Italy's Renzi Has Ideas, Energy and Bad Timing
Matteo Renzi is the right man to lead Italy, but if called to form a new government on Friday, as expected, he'll have gotten the job in a way that doesn't bode well: unprepared, without a popular mandate, and reliant on the same fractious coalition that hobbled his predecessor.
Prime Minister Enrico Letta, overthrown by his own party, looks like the victim of a Medici palace coup, yet it's hard to quarrel with the plotters. Letta had become stuck in the political morass that undid his own predecessors. His government was deadlocked and unable to make the changes that Italy so badly needs. Renzi, known as "the Scrapper," is young and dynamic. Business leaders are mostly enthusiastic: They think he'll get things done.
As ambitious as he is, Renzi hadn't planned to become prime minister just yet. The 39-year-old mayor of Florence, a center-left modernizer in the style of Britain's Tony Blair, won the Democratic Party leadership last year, and he had intended to lead from behind. Before triggering elections in 2015, he wanted a new electoral law and constitutional reforms. That way, he'd take office with a clear mandate and new rules that would make effective government possible. None of that has happened.
Instead, breaking an earlier promise, Renzi will become the third Italian prime minister in two years to take office without winning a general election -- and he says he'll see out the current legislative term to 2018. He'll be in a far weaker position than he'd hoped. His ascension to the top job is less a sign of success than of the continued obstructive power of Italy's political system.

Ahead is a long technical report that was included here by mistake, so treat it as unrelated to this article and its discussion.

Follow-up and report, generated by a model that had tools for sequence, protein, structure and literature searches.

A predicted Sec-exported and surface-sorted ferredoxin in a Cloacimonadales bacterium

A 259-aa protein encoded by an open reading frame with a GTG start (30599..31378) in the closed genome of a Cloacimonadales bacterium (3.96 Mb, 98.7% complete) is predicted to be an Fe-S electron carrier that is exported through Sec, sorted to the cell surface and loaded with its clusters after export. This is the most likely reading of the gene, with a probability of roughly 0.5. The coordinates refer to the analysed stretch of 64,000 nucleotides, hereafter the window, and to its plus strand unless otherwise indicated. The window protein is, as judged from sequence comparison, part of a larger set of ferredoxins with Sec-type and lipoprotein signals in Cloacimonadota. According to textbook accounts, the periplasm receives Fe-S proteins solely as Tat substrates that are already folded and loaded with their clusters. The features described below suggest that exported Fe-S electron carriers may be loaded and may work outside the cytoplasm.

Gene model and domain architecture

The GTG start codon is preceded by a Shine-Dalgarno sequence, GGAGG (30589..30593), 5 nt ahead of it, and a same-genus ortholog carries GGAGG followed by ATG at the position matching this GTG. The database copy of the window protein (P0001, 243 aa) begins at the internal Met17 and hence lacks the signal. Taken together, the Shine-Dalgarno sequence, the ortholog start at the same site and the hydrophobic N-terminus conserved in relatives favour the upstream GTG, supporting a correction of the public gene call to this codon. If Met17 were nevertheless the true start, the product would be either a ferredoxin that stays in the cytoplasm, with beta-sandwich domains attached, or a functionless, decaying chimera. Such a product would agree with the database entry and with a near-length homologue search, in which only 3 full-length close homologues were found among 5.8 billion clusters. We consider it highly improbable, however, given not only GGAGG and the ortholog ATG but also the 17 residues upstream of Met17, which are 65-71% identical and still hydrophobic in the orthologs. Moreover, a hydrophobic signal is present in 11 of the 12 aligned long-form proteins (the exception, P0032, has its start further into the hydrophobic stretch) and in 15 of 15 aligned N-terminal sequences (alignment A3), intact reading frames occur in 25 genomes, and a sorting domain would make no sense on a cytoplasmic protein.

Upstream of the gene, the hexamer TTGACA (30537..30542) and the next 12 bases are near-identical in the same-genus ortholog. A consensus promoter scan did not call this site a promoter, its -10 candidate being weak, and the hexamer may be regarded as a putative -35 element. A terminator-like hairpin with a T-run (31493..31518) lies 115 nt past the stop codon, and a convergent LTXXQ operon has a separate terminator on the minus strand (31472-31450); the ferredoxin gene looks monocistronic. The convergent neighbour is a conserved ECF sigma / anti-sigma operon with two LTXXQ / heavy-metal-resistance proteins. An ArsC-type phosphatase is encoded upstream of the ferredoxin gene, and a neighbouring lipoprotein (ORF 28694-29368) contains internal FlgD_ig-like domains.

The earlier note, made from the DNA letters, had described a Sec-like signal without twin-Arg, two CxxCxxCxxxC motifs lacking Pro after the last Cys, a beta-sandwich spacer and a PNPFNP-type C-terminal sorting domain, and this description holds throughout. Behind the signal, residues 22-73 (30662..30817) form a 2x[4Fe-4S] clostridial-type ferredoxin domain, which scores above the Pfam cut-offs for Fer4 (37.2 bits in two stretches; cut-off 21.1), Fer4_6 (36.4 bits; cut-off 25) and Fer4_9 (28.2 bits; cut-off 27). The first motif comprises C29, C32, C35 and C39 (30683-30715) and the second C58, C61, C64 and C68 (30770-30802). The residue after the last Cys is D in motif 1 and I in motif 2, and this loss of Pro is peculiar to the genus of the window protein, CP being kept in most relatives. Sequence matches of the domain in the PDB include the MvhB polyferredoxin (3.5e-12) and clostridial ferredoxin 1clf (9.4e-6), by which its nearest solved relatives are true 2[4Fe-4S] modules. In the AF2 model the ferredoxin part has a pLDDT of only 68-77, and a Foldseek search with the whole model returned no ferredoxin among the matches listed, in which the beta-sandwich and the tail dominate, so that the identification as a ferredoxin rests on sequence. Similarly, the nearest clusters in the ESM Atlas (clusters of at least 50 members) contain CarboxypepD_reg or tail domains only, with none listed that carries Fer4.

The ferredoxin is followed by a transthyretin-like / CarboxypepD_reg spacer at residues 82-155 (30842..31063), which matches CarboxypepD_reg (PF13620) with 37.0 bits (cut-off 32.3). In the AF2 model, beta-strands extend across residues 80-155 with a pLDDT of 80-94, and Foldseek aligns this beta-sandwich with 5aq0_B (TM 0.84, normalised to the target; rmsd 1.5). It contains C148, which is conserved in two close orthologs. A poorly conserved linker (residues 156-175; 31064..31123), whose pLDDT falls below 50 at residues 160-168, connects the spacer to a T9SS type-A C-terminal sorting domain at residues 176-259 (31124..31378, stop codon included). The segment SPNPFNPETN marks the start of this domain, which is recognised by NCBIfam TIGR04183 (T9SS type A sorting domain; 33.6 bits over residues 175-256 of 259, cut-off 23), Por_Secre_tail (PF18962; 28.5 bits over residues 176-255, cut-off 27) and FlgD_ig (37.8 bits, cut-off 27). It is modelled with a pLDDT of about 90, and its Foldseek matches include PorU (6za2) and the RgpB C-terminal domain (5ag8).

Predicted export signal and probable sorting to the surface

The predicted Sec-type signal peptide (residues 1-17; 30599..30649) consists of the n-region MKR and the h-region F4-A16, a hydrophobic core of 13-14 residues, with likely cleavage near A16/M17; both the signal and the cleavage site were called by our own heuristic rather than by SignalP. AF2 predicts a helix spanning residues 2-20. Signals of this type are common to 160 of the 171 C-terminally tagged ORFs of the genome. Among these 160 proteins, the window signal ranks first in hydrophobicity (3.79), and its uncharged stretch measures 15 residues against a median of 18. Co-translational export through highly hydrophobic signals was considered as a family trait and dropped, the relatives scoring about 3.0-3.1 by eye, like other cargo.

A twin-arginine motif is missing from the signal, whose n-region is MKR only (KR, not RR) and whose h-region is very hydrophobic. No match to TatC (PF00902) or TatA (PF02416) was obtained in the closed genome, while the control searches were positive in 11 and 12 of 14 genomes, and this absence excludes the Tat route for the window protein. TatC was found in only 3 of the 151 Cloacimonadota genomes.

Renzi's first priority must be to pass an election law. Without new rules, he can't force his agenda through by threatening snap elections to put legislators' comfortable parliamentary seats at risk. That reasoning, of course, goes to show how difficult passing a law will be.
Then Renzi will have to push through economic reforms, such as the one he recently outlined to free up Italy's labor market. He'll have little public money to spend on easing that process: Italian government debt already stands at around 130 percent of gross domestic product. To avoid Letta's fate, he'll also need to form a cabinet that commands respect despite weak parliamentary support.
There's no question Italy needs the shake-up Renzi has promised. Rome's political institutions and the country's enterprise-crushing layers of regional bureaucracy are crippling the economy. But getting the top job too soon will make it that much harder for the Scrapper to prevail.
To contact the editor responsible for this article: David Shipley at firstname.lastname@example.org.